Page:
Following the January 2nd government announcement in the Canada Gazette, media reports revealed that Colombia was added to Canada’s Automatic Firearms Country Control List (AFCCL) (see here for example). This means that Colombia is now eligible to purchase automatic firearms such as assault rifles from Canada. Prior to the announcement, Canadian exporters of automatic firearms could not sell such weapons to Colombia, a prohibition that remains on more than three-quarters of the world’s states.
Prior to the announcement the government conducted a public consultation about adding Colombia to the AFCCL. The announcement revealed that there were three respondents, two of which opposed the addition. These were Project Ploughshares and Amnesty International Canada, which provided a joint submission in October 2012. The submission notes that the sole formal requirement for an AFCCL addition is an intergovernmental defence arrangement between Canada and the prospective state. Such an arrangement between Canada and Colombia was announced in November (see here). Ploughshares and Amnesty recommended that assessments be based on additional criteria — including compliance with human rights standards, meeting obligations under international humanitarian law and the risk of diversion. If states fail any of these assessments they should not be added to the list. Currently in Colombia there are substantial risks that imported automatic firearms will be used in human rights violations or diverted to illegal use.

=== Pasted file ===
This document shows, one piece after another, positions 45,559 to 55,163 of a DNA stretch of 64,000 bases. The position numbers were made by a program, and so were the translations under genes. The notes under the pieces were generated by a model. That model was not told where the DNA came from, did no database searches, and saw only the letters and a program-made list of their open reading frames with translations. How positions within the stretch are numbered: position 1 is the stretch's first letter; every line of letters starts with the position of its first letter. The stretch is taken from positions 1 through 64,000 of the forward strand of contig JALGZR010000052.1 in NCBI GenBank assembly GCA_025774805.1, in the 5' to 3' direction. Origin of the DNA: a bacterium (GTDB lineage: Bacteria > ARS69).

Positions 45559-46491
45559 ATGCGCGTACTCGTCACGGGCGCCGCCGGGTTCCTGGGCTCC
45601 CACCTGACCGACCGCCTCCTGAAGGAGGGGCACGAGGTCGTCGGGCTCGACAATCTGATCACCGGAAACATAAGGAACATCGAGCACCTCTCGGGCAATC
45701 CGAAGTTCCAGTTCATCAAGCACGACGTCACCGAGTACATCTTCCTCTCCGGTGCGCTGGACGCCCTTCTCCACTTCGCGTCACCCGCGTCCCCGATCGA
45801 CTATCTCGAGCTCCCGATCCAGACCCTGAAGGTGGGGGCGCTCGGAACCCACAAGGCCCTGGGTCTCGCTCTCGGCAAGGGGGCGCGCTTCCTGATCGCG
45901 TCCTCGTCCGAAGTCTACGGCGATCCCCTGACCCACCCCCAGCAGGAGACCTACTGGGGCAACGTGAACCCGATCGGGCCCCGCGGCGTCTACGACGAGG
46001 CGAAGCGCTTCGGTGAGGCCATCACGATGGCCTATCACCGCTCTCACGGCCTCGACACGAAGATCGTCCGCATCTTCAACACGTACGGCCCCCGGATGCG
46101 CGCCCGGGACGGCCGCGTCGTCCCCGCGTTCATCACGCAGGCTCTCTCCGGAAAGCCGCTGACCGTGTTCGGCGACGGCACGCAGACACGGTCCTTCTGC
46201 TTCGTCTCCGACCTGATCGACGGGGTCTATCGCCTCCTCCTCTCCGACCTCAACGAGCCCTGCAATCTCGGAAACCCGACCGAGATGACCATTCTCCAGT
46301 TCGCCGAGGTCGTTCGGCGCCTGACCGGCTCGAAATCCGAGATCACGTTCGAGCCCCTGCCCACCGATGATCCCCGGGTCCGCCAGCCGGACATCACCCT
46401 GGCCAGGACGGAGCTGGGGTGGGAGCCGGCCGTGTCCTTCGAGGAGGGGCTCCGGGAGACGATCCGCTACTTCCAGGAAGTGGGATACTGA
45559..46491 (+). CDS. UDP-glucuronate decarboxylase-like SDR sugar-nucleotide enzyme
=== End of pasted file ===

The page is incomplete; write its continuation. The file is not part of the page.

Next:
The joint Ploughshares-Amnesty submission followed a similar joint submission in May 2012 regarding the proposed addition of Austria, India, Ireland, Kuwait and Switzerland to the AFCCL. To date the government has not announced the addition of any of these states to the list.